How to Make Shrimp Scampi: Our Favorite Scampi Recipe

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Here’s how to make shrimp scampi to serve with crusty bread, tossed with spaghetti or linguine, or spooned over basmati rice pilaf or orzo. Our shrimp scampi recipe is super-flavorful, super-quick, and super-easy. Grab all our favorite shrimp recipes here.

overhead shot of shrimp scampi

Why we love this recipe

Shrimp scampi tossed with linguine was a favorite childhood order at Italian-American restaurants when I was allowed to choose from the grownups’ menu. I always broke the official rules and sprinkled it with plenty of Parmigiano cheese, a vice I happily embrace to this day.

Our version of shrimp scampi fits right in with our usual take on classics. It’s got lots and lots of balanced flavor — extra savoriness from shallot and and a generous amount of garlic, the tang and brightness of plenty of lemon juice, and nuanced creaminess from cultured, salted butter.

sauteeing garlic, shallots, and shrimp

Shrimp scampi ingredients

Here’s what you’ll need to make our shrimp scampi recipe:

  • Shrimp. (But you knew that.) You can use any size shrimp for this recipe. If you plan to serve it tapas-style with crusty bread, it’s nice to use larger shrimp so they’re easy and satisfying for people to pick up. The shrimp in the photos here are 26-30 per pound, so kind of nice medium-sized. Either way, we like to leave the tails on, both for optics and because they contribute a lot of flavor while sautéeing. That said, if all you’ve got is a bag of frozen shrimp with the tails off, use those. All good.
  • Olive oil
  • Shallot
  • Garlic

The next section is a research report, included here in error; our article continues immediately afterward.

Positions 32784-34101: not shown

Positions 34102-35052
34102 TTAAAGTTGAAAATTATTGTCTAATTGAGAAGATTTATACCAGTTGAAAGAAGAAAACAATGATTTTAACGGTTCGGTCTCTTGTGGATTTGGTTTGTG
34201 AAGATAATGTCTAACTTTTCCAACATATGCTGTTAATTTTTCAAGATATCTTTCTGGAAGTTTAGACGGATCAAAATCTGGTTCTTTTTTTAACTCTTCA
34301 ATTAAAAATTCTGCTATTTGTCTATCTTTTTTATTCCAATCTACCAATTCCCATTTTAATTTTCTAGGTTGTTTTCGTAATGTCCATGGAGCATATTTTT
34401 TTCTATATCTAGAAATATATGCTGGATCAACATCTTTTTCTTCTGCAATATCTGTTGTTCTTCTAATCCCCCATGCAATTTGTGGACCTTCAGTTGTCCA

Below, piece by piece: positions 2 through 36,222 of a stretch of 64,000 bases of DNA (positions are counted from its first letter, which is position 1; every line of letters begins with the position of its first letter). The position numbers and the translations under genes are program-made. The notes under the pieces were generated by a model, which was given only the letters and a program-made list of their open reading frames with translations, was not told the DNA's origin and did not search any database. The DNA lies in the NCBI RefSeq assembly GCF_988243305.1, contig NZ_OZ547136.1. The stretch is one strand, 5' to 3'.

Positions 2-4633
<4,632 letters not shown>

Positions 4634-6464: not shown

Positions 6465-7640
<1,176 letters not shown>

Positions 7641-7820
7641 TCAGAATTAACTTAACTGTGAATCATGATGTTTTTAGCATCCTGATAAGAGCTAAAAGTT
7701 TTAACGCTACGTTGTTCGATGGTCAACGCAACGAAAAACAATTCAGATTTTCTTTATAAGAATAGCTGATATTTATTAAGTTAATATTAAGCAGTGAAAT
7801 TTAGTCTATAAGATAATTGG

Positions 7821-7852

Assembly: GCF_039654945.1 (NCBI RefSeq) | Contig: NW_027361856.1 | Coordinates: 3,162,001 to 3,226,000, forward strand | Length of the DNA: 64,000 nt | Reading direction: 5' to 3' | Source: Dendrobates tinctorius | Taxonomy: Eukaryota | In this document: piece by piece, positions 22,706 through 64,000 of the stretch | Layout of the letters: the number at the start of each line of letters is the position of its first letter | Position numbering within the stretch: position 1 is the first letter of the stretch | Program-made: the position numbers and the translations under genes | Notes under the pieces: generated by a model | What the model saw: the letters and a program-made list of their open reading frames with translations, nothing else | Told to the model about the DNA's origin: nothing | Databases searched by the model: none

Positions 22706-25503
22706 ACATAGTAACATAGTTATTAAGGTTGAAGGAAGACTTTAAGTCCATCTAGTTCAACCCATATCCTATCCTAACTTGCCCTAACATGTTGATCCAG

• Red pepper flakes
  • Salt and pepper
  • White wine. Choose a nice dry white wine that you like to drink, and serve the rest of the bottle with the meal. The flavors of wine get concentrated when you simmer off some of the liquid in this recipe (and really all recipes with wine in them), so make sure you like the taste.
  • Freshly squeezed lemon juice
  • Butter (we love to use a good cultured, salted butter like Kerrygold)
  • Fresh parsley
adding white wine, lemon juice, and butter to pan to make a sauce

How to make shrimp scampi

I’m always surprised how quick and easy scampi is to make. It feels really special, but it’s no big deal to get done. Here’s what you’ll do. You can see all the steps in action in the video that accompanies this post.

  • If it’s not already done for you, peel and devein the shrimp, leaving tails on.
  • Warm the olive oil in a large frying pan over medium-high heat.
  • Add shallot, garlic, red pepper flakes, and salt. Cook, stirring frequently, for a minute or so until shallots turn slightly translucent.
  • Add the shrimp to the pan. The two pounds of shrimp in this recipe will not fit in a single layer in almost any frying pan, but in this recipe we don’t need to brown the shrimp, so it’s totally fine.
  • Keep the shrimp moving around the pan so they cook evenly. Remove shrimp individually to a plate as each one starts to turn pink. You’ll finish cooking them later.
  • After removing the shrimp from the pan, pour in the wine and lemon juice. Simmer until the liquid is reduced by about a third — just a minute or two.
  • Lower the heat and swirl in the butter until it’s melted and emulsified into a silky sauce. (Leaving the heat too high can make the sauce separate rather than emulsifying. It’ll still taste good, but will feel a little greasy. That’s not what we’re after here, so do remember to lower the heat.)
  • Return the shrimp to the pan and heat it, stirring to coat with sauce, just until cooked through.
  • Off the heat, sprinkle everything with the parsley and plenty of freshly ground black pepper. You’re all set. See below for serving suggestions!
returning shrimp to pan and adding pepper and parsley

How to serve shrimp scampi

There are lots of ways to serve shrimp scampi. Here are our favorites:

  • Place the whole pan on the table along with a couple of torn baguettes and let everyone have at it.
  • Toss with a pound of cooked spaghetti or linguine.
  • Spoon it over basmati rice pilaf.
  • Spoon it over our favorite easy orzo.